This feature was originally published on 28.06.2013
Was the spirit distilled at Bruichladdich when the brand new distillery first opened in 1881 originally peated, or unpeated? It’s a good question, but unfortunately we do not know the answer for certain, because none of the original spirit or whisky survives and there are no tasting notes to help us.
Blended whisky was the fashionable drink at the end of the 19th century, and the Harvey brothers who built the then uber-modern Bruichladdich wanted a highly flavoured malt to blend with the colossal output of grain whiskies from their two huge Glasgow based distilleries at Yoker and Port Dundas. The purpose of Bruichladdich was to provide the character and body to this bulk whisky with which the Harvey’s planned to dominate the business.
But was this first Laddie malt peated? Peat was of course readily available on Islay, so why then are we not certain that peat would have been used to fire the Laddie malt kilns?
A slight doubt is cast over the question by none other than Alfred Barnard, the celebrated Victorian journalist, soap salesman, and author of perhaps the finest book about Scotch whisky ever written ‘The Whisky Distilleries of the United Kingdom‘.
Barnard visits every one of Islay’s distilleries, each of which merits its own small chapter. He meticulously records many details, and writes that every single one dries its malt using peat – with the exception of Bruichladdich where the method of drying the malt is not mentioned at all. This was probably an oversight. Barnard was probably so overwhelmed by our wonderful location, which he describes as “one of the finest and most healthy spots on Islay”, that he simply forgot to note that peat was being used. We will never know for sure.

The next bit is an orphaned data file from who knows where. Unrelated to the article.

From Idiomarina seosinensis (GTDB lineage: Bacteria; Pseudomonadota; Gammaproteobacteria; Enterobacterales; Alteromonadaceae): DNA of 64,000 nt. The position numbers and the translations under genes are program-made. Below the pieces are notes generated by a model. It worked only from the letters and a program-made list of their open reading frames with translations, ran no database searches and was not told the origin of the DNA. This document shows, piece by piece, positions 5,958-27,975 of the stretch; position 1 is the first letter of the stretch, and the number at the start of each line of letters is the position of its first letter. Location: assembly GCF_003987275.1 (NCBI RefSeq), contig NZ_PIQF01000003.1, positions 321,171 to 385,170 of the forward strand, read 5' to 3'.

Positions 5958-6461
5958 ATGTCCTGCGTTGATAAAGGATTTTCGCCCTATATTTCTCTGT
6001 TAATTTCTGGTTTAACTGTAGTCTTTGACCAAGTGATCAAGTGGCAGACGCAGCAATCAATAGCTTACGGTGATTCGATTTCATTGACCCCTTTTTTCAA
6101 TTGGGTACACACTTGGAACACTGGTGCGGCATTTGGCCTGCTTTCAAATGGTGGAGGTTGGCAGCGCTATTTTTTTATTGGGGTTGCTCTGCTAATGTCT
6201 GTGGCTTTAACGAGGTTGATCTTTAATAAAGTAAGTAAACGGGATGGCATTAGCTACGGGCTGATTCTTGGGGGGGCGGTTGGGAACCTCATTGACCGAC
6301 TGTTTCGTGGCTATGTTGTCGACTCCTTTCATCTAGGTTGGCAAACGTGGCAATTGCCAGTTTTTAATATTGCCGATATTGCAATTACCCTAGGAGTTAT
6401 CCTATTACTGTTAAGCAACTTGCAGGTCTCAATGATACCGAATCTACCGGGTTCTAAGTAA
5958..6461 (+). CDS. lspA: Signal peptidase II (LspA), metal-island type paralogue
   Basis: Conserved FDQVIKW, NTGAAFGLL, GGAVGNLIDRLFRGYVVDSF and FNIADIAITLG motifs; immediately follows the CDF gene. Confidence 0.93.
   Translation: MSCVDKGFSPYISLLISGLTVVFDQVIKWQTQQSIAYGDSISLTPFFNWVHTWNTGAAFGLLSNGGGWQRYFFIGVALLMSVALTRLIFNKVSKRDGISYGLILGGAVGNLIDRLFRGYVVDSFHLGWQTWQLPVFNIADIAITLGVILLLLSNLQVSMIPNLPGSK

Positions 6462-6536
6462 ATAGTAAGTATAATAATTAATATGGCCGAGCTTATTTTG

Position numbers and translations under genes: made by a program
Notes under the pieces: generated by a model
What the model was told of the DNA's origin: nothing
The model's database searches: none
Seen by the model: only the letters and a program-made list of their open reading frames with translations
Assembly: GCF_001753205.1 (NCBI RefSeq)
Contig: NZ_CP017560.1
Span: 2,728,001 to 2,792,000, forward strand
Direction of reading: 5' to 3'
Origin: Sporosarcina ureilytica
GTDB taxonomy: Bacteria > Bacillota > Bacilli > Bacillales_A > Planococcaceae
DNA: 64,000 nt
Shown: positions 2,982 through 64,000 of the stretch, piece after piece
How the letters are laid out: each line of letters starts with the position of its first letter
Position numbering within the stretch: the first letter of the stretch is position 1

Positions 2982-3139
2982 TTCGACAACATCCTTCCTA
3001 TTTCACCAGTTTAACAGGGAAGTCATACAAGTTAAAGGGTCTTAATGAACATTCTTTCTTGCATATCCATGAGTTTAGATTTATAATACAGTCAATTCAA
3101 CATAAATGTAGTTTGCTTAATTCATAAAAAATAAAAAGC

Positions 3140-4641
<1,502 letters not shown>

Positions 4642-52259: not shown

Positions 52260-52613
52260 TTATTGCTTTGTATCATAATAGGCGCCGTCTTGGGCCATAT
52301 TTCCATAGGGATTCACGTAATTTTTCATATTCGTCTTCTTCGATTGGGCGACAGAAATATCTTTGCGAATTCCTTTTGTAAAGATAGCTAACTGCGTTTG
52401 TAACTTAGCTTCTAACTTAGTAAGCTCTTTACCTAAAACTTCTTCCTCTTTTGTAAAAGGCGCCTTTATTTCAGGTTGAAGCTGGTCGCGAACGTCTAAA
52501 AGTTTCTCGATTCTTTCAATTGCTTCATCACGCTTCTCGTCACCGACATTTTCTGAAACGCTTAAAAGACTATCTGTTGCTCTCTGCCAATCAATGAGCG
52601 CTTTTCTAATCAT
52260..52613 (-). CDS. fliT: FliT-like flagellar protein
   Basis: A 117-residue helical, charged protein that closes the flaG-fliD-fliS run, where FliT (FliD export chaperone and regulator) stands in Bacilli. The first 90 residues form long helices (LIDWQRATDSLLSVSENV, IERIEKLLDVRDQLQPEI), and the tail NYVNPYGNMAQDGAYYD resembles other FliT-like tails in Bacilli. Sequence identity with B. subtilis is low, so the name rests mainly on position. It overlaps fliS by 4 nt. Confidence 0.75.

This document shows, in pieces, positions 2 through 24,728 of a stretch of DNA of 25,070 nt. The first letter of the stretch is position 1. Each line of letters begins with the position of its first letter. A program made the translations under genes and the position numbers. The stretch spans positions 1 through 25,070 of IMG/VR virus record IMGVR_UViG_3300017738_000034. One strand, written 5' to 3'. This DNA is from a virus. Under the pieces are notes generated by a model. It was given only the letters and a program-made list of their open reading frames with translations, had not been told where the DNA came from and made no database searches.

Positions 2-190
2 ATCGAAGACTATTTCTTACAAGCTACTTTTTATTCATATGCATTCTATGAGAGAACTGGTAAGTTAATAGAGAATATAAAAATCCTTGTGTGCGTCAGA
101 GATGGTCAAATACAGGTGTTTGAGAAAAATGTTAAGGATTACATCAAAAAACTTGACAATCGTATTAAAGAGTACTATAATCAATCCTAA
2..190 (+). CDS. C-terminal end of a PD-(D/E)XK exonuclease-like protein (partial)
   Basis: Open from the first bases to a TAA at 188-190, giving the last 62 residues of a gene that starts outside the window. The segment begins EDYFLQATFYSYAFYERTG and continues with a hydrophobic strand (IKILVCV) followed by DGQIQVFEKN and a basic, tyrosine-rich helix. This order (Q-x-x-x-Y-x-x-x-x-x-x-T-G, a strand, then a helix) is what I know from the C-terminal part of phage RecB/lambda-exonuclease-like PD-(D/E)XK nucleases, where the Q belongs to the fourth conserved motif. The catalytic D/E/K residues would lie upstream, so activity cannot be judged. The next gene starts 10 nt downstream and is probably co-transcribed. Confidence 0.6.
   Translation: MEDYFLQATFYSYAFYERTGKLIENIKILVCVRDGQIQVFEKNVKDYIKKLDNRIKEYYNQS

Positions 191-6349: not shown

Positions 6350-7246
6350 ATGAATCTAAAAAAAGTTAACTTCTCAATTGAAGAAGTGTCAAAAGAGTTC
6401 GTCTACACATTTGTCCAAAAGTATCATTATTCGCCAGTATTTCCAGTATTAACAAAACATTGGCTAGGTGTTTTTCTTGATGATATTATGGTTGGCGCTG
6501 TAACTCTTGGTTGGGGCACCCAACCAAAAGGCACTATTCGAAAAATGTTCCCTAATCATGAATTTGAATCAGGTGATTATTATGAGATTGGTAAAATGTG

We can be sure that peat was being used at Lochindaal Distillery in our neighboring village of Port Charlotte however. Not only does Barnard say it was, we have the picture to prove it. The lovely shot accompanying this piece was taken from Octomore Farm and shows Port Charlotte pre the closure of the distillery in 1929. You can see the huge long peat stacks neatly piled up to the right of the old whisky bonds, which are still there to this day. They are filled with the wonderful peated spirit, distilled at Bruichladdich, that proudly carries the names of this beautiful village and farm, now known to whisky enthusiasts all over the world.